ROHAN: I never set out to write political or cultural commentary in my fiction. My intention is always to tell the most personal-to-the-character story possible. Because the personal inevitably holds up a mirror to society, the story is going to organically reflect the characters’ surroundings and our wider world and the various forces that impact us. In Sing, I, I followed the story and the characters, and my police procedural research, and they led to a theme of broken policing that is true to life.

AUTHORLINK: This book hums with the tension that Ester experiences on multiple fronts. Can you offer advice to other writers on how to depict bodily tension effectively?

“We have to inhabit our characters; drop into their bodies, minds, and hearts.”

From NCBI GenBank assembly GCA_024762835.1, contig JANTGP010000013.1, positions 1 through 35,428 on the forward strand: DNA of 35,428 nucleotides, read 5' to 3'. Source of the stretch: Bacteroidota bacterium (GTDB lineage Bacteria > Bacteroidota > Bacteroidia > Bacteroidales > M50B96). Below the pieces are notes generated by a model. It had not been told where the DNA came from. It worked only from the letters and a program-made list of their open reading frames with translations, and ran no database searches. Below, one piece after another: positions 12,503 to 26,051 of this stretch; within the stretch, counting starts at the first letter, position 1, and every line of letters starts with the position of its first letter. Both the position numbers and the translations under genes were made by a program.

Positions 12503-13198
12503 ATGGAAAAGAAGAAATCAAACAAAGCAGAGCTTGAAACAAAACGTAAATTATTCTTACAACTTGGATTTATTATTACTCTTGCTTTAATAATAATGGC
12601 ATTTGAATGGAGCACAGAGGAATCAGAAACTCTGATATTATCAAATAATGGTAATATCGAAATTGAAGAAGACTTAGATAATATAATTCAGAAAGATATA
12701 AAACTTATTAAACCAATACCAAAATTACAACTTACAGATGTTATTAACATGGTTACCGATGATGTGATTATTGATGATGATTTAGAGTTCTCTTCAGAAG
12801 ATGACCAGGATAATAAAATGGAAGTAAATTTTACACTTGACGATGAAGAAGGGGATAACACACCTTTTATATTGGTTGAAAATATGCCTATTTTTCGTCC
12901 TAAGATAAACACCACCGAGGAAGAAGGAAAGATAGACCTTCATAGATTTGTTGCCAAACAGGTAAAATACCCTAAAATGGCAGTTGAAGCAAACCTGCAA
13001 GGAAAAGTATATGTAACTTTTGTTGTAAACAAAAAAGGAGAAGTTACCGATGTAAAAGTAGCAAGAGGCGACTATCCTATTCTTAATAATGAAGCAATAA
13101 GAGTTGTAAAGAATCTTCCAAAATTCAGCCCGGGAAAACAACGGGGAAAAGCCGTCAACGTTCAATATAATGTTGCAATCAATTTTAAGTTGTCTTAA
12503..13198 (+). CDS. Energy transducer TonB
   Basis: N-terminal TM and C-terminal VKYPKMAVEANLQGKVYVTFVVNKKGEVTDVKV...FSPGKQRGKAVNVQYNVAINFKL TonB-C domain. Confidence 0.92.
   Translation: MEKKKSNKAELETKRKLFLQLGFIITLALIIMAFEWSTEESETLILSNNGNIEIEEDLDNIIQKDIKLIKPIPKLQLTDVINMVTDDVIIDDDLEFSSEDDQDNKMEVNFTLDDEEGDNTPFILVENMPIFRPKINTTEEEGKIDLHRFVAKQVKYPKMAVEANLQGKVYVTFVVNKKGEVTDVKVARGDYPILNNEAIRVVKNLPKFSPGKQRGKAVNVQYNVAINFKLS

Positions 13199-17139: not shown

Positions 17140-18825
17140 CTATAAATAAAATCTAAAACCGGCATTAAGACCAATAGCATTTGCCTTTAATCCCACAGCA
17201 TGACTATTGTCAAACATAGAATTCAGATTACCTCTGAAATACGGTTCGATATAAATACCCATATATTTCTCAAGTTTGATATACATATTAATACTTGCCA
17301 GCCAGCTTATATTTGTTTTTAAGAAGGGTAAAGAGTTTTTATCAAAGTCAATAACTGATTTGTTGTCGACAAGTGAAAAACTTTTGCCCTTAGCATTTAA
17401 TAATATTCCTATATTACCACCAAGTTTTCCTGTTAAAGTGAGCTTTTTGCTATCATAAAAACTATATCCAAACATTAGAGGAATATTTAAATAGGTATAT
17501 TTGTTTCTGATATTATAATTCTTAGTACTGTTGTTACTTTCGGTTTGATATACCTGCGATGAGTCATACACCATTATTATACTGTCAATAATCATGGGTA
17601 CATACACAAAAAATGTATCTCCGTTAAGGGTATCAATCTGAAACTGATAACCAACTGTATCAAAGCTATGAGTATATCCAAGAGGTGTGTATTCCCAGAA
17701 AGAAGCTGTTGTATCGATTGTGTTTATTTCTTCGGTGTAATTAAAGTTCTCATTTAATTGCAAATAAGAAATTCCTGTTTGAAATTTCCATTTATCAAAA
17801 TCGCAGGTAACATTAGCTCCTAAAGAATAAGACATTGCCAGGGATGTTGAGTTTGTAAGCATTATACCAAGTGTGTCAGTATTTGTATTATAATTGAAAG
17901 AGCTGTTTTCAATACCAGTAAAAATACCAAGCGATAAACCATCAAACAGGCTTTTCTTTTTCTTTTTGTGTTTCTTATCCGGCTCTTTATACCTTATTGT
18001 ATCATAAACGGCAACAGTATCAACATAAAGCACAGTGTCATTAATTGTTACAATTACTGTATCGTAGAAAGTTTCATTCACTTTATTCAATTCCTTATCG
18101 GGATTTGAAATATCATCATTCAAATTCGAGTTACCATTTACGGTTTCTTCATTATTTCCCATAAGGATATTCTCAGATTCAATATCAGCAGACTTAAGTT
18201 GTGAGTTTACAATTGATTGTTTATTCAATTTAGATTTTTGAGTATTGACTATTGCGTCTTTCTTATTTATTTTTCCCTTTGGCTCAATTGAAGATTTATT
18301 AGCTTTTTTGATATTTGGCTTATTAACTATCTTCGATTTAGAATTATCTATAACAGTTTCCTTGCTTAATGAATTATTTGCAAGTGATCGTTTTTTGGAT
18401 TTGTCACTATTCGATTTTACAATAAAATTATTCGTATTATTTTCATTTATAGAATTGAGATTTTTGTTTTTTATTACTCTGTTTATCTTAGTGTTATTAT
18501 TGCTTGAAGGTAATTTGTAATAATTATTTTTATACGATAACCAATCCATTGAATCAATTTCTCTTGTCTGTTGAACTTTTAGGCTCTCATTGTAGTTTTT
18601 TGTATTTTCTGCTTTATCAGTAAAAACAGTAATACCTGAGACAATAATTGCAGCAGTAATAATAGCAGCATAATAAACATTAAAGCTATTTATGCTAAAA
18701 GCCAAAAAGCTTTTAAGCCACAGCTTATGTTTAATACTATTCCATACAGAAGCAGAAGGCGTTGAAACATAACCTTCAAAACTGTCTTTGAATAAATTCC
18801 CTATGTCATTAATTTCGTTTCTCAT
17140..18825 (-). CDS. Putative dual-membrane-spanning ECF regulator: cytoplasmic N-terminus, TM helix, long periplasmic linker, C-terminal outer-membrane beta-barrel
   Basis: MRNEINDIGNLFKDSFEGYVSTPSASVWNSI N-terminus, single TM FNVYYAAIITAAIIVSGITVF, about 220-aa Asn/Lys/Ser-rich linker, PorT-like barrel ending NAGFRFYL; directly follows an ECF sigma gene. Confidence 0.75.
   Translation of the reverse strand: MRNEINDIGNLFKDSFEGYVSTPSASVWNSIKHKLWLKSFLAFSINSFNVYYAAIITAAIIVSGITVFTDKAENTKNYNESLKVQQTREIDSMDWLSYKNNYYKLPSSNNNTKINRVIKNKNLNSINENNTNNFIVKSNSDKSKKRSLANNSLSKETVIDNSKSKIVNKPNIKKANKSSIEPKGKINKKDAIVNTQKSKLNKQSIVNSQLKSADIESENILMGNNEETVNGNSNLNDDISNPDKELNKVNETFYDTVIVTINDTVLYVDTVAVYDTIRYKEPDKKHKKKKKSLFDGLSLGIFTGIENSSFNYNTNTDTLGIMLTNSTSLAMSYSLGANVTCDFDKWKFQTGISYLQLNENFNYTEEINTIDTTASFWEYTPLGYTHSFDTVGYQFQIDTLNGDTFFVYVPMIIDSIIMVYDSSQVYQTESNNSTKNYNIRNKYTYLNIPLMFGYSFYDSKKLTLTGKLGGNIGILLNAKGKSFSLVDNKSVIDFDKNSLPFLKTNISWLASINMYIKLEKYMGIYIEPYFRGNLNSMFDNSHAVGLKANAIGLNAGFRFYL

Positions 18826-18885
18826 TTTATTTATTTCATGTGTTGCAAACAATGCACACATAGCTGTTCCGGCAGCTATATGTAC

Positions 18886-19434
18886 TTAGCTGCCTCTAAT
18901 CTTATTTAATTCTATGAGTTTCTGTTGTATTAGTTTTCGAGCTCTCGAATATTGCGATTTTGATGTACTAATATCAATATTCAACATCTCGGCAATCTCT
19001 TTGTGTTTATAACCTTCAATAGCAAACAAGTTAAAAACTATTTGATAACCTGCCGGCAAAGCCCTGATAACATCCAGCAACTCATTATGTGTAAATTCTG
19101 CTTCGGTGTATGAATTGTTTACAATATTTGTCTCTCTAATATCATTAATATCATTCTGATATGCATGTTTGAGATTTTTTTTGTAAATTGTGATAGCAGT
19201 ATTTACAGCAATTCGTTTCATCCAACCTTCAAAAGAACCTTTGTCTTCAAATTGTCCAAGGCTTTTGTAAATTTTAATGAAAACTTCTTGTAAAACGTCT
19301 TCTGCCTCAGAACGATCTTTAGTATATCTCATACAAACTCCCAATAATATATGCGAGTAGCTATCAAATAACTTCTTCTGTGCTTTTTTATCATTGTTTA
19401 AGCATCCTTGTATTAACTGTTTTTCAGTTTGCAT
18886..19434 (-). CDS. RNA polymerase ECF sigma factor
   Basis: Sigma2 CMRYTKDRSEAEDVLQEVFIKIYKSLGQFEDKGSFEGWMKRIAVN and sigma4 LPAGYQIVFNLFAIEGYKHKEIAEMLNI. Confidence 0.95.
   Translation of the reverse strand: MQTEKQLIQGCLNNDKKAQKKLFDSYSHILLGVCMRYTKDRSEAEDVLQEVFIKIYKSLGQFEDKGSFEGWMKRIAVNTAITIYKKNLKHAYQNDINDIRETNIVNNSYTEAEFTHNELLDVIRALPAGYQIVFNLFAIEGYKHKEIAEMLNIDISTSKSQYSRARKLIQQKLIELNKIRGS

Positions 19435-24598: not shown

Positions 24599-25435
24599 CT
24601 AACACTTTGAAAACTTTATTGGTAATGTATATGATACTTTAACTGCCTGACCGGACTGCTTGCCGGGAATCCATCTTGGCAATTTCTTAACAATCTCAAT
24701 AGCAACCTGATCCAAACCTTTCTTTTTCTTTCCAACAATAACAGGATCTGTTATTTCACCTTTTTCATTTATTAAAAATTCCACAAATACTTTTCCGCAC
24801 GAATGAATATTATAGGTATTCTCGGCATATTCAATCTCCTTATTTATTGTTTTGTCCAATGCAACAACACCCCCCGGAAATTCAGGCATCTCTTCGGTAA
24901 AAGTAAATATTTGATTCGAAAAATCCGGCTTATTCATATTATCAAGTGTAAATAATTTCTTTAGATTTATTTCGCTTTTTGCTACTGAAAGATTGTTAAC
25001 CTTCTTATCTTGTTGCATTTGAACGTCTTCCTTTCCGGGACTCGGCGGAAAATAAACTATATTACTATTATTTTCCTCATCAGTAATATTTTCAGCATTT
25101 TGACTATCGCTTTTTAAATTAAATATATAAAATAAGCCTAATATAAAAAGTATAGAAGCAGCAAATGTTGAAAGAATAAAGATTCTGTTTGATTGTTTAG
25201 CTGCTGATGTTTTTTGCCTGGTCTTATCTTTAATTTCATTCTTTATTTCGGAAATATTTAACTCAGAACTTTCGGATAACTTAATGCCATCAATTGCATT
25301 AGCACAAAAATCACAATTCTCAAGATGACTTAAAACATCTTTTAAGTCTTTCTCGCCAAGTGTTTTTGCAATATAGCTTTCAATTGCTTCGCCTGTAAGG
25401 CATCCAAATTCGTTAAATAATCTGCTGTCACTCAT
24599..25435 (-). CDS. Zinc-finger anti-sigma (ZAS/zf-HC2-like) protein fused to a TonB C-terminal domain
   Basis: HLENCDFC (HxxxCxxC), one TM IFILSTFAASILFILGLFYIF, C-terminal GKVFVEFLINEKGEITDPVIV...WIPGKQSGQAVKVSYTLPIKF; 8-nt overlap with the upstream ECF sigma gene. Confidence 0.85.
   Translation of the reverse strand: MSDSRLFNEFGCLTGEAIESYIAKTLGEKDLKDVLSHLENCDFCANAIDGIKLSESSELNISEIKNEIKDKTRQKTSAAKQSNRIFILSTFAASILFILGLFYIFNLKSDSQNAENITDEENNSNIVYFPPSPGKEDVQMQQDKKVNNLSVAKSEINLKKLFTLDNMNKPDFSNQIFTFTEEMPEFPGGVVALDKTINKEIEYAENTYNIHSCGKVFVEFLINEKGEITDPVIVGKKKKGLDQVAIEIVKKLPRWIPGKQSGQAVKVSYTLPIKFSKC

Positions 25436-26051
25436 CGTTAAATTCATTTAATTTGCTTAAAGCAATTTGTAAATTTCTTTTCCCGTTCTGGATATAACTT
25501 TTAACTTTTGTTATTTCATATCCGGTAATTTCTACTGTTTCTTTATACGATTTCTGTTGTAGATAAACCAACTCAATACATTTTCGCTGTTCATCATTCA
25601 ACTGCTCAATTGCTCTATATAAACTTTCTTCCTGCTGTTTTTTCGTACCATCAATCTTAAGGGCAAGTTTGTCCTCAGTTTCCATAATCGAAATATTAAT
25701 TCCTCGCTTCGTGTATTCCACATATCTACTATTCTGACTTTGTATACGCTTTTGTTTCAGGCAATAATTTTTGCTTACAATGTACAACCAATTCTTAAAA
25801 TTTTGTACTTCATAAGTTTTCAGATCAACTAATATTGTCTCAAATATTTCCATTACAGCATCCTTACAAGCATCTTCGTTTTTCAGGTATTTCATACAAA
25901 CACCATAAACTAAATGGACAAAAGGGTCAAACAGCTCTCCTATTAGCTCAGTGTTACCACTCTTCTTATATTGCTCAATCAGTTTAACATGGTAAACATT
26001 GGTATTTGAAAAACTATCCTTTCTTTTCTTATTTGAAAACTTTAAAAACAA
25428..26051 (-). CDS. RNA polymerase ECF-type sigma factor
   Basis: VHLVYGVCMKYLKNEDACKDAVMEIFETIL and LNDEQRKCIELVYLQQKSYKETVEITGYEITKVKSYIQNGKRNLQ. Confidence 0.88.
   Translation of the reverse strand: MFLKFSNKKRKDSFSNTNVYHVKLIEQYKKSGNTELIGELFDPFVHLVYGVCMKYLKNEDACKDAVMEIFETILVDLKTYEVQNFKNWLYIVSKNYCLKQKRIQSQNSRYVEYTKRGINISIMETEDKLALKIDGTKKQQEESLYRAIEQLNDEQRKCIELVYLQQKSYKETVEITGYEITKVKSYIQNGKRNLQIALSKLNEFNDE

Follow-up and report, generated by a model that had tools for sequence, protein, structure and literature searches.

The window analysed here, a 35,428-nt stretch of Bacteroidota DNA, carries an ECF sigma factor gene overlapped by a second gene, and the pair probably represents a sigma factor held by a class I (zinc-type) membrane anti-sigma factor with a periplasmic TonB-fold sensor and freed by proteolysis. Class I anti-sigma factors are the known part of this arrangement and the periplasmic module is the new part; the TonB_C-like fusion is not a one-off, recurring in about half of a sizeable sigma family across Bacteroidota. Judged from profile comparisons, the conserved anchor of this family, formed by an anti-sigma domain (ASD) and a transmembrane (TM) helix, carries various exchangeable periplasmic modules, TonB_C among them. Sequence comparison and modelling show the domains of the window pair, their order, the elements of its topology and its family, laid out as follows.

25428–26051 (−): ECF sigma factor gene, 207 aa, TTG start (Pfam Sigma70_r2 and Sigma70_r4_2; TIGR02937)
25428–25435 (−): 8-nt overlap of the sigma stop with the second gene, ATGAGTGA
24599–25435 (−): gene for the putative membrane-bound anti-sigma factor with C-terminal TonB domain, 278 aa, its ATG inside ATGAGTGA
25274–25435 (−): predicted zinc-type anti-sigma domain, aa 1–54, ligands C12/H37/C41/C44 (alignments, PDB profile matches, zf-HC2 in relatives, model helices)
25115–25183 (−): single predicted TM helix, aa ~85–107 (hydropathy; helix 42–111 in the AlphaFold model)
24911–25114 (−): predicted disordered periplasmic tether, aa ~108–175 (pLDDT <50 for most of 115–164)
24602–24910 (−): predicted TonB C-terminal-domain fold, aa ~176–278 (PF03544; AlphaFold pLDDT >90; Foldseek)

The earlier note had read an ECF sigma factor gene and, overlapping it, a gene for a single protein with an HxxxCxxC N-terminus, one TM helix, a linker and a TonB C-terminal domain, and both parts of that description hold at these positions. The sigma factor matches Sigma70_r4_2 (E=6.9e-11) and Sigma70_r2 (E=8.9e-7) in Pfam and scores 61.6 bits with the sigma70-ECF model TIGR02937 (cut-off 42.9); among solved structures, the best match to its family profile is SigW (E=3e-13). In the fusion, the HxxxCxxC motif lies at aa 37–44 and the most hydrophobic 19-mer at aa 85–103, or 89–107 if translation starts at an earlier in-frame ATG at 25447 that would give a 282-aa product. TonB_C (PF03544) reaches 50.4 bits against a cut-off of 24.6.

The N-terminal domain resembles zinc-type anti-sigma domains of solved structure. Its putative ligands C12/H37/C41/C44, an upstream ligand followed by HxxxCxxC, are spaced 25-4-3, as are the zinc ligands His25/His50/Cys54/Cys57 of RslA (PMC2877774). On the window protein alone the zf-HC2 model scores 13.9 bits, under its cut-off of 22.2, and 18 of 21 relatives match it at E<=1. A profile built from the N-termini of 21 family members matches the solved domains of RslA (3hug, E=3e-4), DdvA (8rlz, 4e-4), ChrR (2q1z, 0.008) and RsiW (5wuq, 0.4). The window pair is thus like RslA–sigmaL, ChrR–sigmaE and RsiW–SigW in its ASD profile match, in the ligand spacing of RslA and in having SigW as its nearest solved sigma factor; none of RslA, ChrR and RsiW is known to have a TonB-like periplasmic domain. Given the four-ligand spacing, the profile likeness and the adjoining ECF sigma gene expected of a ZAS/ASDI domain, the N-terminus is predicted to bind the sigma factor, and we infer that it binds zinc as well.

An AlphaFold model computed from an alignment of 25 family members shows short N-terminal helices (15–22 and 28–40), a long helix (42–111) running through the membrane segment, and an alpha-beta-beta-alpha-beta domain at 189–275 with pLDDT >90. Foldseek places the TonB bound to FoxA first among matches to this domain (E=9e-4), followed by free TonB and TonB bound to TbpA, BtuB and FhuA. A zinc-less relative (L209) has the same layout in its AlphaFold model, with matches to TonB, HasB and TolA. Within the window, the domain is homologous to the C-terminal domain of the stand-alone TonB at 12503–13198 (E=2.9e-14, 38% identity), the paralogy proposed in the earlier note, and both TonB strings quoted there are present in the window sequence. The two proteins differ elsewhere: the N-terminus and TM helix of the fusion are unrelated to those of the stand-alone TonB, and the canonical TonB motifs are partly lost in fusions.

ROHAN: We have to inhabit our characters; drop into their bodies, minds, and hearts. I write as someone who both sees my story play out scene by scene on the big screen of my imagination and as someone who shapeshifts into my characters so that I’m sensing and thinking entirely through them.

AUTHORLINK: What was your greatest challenge in developing Sing, I?

ROHAN: As a straight woman, I most worried about getting my queer characters and the story’s LGBTQ+ themes right. I wrote with a great sense of care and responsibility, and again by zeroing-in on the individual characters v the whole, and can only hope that I did right by all concerned.

AUTHORLINK: This is your fifth book. How has your writing evolved over time?

” I’ve stop self-censoring and polishing sentences as I go in early drafts…”